Is there anything I can do to prevent postpartum depression?

Is there anything I can do to prevent postpartum depression?

We are searching data for your request:

Forums and discussions:
Manuals and reference books:
Data from registers:
Wait the end of the search in all databases.
Upon completion, a link will appear to access the found materials.

You're right to be concerned. You may not be able to avoid another bout of postpartum depression (PPD) — but you can reduce the risk of having another severe episode.

Once you've had PPD, you have a 50 / 50 chance of getting it again. It's best to prepare yourself for the possibility. That way if PPD strikes, the symptoms won't catch you off guard and your recovery will be smoother.

The chance of your depression returning depends on several things: how many previous episodes of depression you've had, your family's history of depression, how severe your PPD symptoms were with your first baby, and your current stress factors.

Here are some important steps to take if you're worried about PPD recurring:

* Get in touch with the healthcare providers who helped you through your previous episode of PPD. These may include your doctor, a therapist, and a psychiatrist.

* Make a plan for handling your depression if it returns. If your PPD was successfully treated with medication, you may want to consider taking the medication immediately after giving birth to your baby. This has been shown to significantly reduce the possibility of a recurrence of PPD, and to reduce its severity if it does return. Some women prefer to wait, see how they feel, and start taking medication only if symptoms emerge. But the longer you wait after symptoms arise, the harder it will be to treat your depression.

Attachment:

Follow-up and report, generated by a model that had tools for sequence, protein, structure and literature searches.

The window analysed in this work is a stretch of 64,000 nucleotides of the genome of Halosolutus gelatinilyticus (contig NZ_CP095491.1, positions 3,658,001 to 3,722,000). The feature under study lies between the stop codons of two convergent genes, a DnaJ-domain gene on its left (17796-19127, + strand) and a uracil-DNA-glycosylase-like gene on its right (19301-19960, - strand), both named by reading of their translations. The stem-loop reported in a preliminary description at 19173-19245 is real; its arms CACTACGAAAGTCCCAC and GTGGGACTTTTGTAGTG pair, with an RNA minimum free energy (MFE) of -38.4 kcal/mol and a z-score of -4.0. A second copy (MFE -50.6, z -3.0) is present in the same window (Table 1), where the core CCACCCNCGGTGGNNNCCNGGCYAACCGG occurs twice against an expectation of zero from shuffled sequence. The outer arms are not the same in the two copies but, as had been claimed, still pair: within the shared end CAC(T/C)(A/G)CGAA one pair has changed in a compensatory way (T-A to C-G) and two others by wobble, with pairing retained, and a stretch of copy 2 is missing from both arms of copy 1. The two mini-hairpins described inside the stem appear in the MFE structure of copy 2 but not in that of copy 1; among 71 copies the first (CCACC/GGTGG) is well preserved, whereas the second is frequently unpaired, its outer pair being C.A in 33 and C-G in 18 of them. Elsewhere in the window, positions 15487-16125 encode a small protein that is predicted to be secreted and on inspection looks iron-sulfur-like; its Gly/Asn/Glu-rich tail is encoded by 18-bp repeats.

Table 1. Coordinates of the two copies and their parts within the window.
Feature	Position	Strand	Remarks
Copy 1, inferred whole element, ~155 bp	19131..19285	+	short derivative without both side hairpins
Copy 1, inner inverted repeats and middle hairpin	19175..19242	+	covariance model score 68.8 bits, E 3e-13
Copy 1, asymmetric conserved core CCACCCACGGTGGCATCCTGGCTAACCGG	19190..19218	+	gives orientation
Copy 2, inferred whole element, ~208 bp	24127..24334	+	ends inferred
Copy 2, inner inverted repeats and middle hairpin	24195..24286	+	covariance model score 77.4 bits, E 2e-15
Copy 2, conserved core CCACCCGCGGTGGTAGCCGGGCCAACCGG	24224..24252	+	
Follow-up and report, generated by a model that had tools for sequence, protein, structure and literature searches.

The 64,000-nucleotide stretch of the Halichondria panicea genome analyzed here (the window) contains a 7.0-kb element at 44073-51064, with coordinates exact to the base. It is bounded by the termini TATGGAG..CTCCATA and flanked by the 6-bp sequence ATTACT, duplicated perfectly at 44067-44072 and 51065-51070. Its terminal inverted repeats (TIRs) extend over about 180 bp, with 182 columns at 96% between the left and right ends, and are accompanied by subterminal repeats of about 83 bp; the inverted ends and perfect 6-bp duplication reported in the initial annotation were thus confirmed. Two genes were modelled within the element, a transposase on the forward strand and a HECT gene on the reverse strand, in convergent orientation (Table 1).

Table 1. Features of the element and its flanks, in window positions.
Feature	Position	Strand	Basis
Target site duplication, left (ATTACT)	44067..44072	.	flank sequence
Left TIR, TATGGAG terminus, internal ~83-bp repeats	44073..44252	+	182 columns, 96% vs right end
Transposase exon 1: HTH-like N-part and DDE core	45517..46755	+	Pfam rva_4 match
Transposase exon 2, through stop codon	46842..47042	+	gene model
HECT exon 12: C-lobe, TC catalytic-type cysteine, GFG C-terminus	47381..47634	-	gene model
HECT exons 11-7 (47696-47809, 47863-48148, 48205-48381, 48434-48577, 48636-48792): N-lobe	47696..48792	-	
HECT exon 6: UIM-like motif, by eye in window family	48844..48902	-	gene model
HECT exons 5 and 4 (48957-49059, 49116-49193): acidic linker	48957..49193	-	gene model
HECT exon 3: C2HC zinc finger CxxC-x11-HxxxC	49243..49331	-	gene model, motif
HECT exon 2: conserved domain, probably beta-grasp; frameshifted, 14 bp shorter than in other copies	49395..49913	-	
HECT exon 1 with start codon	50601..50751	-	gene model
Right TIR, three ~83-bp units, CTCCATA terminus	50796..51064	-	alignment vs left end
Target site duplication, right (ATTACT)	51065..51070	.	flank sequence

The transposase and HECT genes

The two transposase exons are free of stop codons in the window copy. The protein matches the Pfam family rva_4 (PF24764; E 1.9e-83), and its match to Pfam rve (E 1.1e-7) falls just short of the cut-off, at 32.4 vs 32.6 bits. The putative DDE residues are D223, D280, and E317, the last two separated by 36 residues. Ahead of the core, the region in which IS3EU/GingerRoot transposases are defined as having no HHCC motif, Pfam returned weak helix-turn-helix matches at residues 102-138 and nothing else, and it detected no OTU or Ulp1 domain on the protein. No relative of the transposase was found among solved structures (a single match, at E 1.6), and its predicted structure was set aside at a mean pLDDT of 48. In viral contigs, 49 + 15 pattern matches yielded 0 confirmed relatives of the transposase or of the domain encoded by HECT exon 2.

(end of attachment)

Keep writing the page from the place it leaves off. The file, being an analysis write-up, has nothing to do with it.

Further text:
* Talk with your partner and other loved ones. Let people who care about you know what helped when you suffered from PPD last time, what didn't help, and what would make things easier if it happens again.

* Establish a support plan: Who will be there to help after you have your baby? Possibilities include your mother or mother-in-law, another family member, a friend or group of friends, or a baby nurse or postpartum doula.

* During your pregnancy, take extra precautions against fatigue and stress. Make sure you rest, eat well (eat plenty of fruits, vegetables, and whole grains), exercise, and take care of yourself physically, avoiding anything that will stress your system.

* Set limits. Protect yourself from overdoing it, both during your pregnancy and after your baby is born. Overextending yourself can lead to fatigue, which makes you more vulnerable to PPD than you would be if you were rested.

Watch the video: Postpartum Depression: What You Need to Know (December 2022).

Video, Sitemap-Video, Sitemap-Videos